Russia Unleashes a Dangerous New Wiper

Russia Unleashes a Dangerous New Wiper

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Russia is reportedly using a new and extremely capable malware variant to target Ukrainian telecommunication networks.

Cybersecurity threat intelligence platform SentinelLabs reports the new Russian wiper is called AcidPour. It reportedly has similarities to the previous variant AcidRain, first deployed at the start of the Russian invasion of Ukraine in an attempt to disable vital Ukrainian military communications.

According to Cybernews, a wiper is a type of malware specifically designed to erase or destroy data on compromised systems and cause permanent damage and are usually used to sabotage critical systems during larger cyber warfare campaigns.

SentinelLabs researchers state that the new AcidPour malware expands upon AcidRain’s capabilities and destructive potential, and while they hasn’t verified specific targets, multiple Ukrainian telecommunication networks have been offline since March 13th, with wide disruptions affecting telemetry providers and internet services. The attacks were publicly claimed by a GRU-operated hacktivist persona on Telegram.

This new wiper operates by iterating over all possible devices in hardcoded paths, wiping each, before wiping essential directories. The researchers add that it lacks specificity and could potentially serve as a “more generic tool” to disable a wider swath of devices reliant on embedded Linux distributions.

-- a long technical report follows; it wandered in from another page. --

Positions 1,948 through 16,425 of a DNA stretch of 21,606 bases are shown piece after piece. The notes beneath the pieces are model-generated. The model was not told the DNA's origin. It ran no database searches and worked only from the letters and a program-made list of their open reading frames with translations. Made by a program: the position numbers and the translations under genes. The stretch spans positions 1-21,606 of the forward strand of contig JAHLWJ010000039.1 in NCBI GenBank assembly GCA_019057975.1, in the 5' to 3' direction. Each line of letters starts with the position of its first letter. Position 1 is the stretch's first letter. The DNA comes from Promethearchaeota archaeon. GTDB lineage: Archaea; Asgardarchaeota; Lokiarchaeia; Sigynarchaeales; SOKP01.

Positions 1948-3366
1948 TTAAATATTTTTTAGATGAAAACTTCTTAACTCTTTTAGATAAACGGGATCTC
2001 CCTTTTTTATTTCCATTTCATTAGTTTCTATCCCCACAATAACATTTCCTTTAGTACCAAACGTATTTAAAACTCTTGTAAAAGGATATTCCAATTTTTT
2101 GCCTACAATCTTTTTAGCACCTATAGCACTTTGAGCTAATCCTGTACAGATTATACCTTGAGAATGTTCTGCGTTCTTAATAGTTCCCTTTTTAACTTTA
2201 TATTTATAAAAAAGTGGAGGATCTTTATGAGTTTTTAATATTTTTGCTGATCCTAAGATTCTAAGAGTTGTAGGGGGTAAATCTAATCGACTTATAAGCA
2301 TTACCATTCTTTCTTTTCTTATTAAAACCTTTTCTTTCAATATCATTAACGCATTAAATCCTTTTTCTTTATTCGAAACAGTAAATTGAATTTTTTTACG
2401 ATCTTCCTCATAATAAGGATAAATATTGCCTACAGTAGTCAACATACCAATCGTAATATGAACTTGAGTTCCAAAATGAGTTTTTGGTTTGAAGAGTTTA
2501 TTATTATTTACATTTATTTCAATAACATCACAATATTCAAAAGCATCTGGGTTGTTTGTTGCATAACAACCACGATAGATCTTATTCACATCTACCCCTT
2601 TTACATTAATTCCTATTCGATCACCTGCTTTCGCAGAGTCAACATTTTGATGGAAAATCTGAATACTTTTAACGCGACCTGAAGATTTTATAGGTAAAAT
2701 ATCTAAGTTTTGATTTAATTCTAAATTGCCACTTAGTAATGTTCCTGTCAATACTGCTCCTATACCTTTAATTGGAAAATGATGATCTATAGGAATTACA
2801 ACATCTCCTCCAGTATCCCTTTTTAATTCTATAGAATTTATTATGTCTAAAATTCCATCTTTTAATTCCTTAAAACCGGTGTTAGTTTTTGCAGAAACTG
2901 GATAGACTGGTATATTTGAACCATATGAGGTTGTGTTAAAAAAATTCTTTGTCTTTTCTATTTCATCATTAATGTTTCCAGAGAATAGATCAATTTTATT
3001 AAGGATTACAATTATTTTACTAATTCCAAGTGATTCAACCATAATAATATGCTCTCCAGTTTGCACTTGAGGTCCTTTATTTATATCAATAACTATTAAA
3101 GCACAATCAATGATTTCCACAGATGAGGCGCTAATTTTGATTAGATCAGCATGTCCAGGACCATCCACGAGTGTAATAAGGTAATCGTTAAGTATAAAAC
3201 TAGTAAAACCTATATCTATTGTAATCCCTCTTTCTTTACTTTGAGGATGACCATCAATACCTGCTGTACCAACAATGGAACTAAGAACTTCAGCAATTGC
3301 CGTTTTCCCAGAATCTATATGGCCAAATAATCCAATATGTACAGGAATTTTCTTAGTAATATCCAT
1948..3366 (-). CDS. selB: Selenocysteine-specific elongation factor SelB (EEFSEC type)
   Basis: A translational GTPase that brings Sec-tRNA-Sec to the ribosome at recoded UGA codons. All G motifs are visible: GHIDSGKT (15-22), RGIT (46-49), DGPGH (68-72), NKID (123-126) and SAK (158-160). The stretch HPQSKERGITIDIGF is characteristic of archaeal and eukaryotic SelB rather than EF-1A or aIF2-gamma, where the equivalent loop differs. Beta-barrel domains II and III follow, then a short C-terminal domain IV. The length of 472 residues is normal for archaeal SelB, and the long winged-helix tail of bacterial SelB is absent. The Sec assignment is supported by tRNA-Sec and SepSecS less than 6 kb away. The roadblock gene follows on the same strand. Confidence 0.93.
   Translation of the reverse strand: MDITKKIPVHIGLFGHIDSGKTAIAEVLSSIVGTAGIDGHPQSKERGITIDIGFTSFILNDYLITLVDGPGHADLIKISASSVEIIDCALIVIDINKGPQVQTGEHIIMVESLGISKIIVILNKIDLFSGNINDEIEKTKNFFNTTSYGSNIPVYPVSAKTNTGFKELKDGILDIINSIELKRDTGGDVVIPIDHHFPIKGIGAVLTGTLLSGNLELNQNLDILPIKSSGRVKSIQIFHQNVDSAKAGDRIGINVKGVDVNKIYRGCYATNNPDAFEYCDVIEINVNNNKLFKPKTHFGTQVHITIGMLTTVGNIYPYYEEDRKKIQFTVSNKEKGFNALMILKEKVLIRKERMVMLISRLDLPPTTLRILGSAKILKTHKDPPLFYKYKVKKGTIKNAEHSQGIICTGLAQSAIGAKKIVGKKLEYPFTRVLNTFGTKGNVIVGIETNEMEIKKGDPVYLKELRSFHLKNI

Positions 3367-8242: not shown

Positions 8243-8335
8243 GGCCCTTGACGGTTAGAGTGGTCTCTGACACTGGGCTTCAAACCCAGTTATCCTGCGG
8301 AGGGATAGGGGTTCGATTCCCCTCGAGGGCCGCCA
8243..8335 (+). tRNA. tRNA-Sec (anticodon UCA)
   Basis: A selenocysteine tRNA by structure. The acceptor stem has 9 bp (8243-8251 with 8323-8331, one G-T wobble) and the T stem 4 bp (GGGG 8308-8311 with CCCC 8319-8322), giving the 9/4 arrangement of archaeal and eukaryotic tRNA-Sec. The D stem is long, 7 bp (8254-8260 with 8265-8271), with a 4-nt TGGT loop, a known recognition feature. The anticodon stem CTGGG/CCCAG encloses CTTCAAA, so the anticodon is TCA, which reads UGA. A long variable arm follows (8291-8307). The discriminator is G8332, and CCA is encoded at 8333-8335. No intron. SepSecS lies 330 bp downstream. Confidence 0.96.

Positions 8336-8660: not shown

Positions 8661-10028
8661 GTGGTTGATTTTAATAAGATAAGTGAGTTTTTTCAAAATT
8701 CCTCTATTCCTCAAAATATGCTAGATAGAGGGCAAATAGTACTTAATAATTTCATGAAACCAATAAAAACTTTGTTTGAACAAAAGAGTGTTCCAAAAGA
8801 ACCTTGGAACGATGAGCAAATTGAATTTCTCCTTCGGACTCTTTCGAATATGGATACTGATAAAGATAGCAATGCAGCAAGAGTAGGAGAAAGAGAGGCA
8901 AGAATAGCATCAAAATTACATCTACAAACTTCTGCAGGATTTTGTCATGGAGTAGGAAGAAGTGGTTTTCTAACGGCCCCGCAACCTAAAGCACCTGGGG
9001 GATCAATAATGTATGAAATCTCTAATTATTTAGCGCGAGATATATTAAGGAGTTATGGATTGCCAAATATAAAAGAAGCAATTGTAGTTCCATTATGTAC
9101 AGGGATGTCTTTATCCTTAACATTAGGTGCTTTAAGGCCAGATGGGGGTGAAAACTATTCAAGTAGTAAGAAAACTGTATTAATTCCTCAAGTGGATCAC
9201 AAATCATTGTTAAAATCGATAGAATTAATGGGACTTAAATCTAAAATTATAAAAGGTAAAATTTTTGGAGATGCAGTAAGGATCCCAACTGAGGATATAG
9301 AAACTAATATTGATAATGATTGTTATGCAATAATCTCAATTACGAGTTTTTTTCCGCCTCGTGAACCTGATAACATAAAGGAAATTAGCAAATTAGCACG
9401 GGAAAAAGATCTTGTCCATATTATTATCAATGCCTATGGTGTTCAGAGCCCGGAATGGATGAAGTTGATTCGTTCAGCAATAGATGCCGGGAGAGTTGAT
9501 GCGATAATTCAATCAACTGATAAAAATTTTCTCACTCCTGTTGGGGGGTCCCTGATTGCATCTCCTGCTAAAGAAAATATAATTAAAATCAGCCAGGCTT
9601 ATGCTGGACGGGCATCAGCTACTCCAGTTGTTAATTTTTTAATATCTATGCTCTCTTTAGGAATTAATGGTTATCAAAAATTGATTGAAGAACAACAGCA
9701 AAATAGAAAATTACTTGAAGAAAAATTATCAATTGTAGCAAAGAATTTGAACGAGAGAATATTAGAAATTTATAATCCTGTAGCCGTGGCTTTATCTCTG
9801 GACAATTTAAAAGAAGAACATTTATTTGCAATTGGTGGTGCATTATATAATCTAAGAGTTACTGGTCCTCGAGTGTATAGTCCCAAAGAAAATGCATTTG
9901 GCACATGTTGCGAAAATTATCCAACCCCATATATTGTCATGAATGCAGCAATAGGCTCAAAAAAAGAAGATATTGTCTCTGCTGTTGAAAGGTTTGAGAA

“The transition from AcidRain to AcidPour, with its expanded capabilities, underscores the strategic intent to inflict significant operational impact. This progression reveals not only a refinement in the technical capabilities of these threat actors but also their calculated approach to select targets that maximize follow-on effects, disrupting critical infrastructure and communications,” researchers concluded.

When it comes to who is behind the malware and the attacks, there is little doubt over attribution – AcidPour is built on AcidRain, which in turn has enough technical similarities to previous malware variants attributed to the Russian government.

The Computer Emergency Response Team of Ukraine CERT-UA confirmed SentinelLab’s findings and attributed the malicious activity to the group linked with Russia’s Intelligence Directorate GRU.